Facing her own illness helped her realize how important it is to share the power of a wish®. “That really solidified my commitment,” says Walton, who was completely cured from her cancer in 1996. Even as she was going through chemotherapy, she kept granting wishes. Walton, who moved to Oklahoma in 1997, has granted wishes for Make-A-Wish Oklahoma since then and is also a board member. She usually has five wishes in the works in addition to her board responsibilities.
Walton, 40, is the Inspector Gadget of whimsical wishware: She has capes, a pair of fairy outfits, magic wands and more. Her signature wish-granting tool is a magic lamp. She has wish kids rub the lamp to discover their true wish — yes, even the teenagers. Walton, a mother of four, is convinced that even the most aloof teen has a childlike nature that’s looking for an excuse to get out.
“I don’t think you’re ever too old for it,” she says. “It’s all about having fun.”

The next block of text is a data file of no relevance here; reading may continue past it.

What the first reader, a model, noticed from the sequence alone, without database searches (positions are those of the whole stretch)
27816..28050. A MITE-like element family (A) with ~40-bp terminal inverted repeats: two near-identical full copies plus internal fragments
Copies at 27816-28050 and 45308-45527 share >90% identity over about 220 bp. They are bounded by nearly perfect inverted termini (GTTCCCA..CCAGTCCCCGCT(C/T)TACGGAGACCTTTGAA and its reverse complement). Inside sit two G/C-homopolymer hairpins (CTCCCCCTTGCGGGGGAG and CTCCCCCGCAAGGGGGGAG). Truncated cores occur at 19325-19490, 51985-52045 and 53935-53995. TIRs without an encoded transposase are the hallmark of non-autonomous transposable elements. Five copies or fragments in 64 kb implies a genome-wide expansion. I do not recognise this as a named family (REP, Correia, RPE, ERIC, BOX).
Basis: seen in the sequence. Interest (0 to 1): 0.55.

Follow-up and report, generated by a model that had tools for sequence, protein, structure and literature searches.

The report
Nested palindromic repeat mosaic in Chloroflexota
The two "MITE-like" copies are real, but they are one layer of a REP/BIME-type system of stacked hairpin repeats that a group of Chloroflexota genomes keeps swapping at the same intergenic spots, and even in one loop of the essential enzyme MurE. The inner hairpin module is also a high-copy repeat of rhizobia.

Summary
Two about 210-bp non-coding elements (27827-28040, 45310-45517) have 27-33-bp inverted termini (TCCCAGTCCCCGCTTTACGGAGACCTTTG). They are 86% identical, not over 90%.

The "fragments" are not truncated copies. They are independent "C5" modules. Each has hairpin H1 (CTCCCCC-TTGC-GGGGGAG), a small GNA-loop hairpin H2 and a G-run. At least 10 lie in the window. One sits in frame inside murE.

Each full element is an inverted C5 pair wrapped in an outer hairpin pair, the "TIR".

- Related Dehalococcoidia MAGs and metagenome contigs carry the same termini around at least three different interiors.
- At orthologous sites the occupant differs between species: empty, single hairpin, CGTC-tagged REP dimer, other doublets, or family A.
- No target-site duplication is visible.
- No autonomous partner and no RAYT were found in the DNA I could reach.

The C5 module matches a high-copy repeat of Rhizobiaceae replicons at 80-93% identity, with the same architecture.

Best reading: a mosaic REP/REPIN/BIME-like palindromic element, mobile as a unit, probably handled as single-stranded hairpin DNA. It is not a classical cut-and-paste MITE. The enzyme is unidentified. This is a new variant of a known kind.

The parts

Walton knows the milestones that matter most to kids. That’s why prom wishes are among her favorites. She recently organized a post-prom luau party for wish kid Jade and her closest friends. The party was her way of thanking the supportive friends who helped keep her spirits up during her medical treatments.
Walton marks the day she started granting wishes as a milestone in her life. She attended a friend’s party, where she met a parent whose daughter had received a Disney wish from the Foundation.
“I was just awestruck by the description of the wish,” Walton says.
The encounter happened at the perfect time: Walton had time to devote to a cause, and hearing the wish parent’s praise made Make-A-Wish her ideal choice.
Walton doesn’t count the hours she volunteers — she says it’s just a regular part of her life — but she’s usually pounding away at her keyboard and sending emails after her children are asleep. There’s always another sponsor to find, another wish to grant or an event to plan.
Every time she throws on her cloak and grabs her magic lantern, Walton feels what a wish means to those she encounters.
“You only get one chance to do it, and to do it right,” she says. “And it’s more than the child — it’s the entire family, the volunteers and the community.”
Having overcome her own illness, Walton knows what it’s like to see that magic happen.